What is pneumothorax?

Updated: Apr 28, 2020
  • Author: Brian J Daley, MD, MBA, FACS, FCCP, CNSC; Chief Editor: Mary C Mancini, MD, PhD, MMM  more...
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Pneumothorax is defined as the presence of air or gas in the pleural cavity (ie, the potential space between the visceral and parietal pleura of the lung). The clinical results are dependent on the degree of collapse of the lung on the affected side. Pneumothorax can impair oxygenation and/or ventilation. If the pneumothorax is significant, it can cause a shift of the mediastinum and compromise hemodynamic stability. Air can enter the intrapleural space through a communication from the chest wall (ie, trauma) or through the lung parenchyma across the visceral pleura.

Among the topics this article will discuss are several areas of new information in the medical literature: (1) studies comparing aspiration and tube drainage for treatment of primary spontaneous pneumothorax, (2) long-term follow-up of surgical treatment of pneumothorax, (3) assessment of the impact of pleurodesis on transplantation outcomes in patients with lymphangiomyomatosis, (4) demonstrated utility of ultrasonography in the bedside diagnosis of iatrogenic pneumothorax, and (5) inability of ultrasonography to distinguish between intrapulmonary bullae and pneumothorax.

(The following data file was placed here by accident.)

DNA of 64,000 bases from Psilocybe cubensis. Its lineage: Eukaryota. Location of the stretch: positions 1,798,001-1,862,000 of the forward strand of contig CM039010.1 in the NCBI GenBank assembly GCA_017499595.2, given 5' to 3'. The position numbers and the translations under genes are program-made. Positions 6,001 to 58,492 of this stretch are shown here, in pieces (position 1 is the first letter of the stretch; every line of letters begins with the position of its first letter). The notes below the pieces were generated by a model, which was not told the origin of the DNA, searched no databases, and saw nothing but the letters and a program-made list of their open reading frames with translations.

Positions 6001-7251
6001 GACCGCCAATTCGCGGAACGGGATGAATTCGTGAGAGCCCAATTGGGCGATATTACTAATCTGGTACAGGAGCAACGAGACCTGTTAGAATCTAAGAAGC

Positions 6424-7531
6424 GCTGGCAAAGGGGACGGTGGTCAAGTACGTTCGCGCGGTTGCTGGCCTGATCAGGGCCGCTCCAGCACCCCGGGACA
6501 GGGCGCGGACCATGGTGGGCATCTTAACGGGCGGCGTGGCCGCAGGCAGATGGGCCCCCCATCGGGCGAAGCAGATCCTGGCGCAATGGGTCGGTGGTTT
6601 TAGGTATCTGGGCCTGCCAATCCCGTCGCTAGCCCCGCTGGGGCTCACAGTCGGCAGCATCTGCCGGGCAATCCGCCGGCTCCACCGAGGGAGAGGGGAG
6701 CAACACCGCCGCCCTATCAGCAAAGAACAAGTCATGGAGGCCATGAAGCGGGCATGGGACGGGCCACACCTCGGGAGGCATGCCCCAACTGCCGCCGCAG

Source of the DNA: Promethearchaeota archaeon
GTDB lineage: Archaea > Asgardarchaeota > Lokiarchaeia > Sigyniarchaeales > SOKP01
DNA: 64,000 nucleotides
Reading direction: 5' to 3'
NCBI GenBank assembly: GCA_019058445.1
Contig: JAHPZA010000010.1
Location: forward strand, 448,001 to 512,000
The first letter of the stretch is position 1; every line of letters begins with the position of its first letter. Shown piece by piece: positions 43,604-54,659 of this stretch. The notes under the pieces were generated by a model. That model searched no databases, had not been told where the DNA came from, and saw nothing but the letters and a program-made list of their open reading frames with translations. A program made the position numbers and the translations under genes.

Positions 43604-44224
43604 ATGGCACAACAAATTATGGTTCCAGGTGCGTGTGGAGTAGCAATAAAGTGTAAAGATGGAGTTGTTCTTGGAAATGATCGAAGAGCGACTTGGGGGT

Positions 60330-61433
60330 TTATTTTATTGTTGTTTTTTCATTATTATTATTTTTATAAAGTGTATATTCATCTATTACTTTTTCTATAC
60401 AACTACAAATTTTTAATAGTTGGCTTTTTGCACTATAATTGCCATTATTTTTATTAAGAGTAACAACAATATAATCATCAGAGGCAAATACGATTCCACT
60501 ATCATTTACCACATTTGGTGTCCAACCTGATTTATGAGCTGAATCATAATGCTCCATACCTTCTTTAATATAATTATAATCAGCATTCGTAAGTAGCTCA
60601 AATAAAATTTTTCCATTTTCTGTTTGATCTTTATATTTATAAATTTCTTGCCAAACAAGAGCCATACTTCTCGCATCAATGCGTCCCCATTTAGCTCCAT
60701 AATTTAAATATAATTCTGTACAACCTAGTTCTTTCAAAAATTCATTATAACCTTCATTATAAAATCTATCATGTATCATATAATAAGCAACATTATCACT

See also Restoring Air-Free Pleural Space in Pneumothorax.

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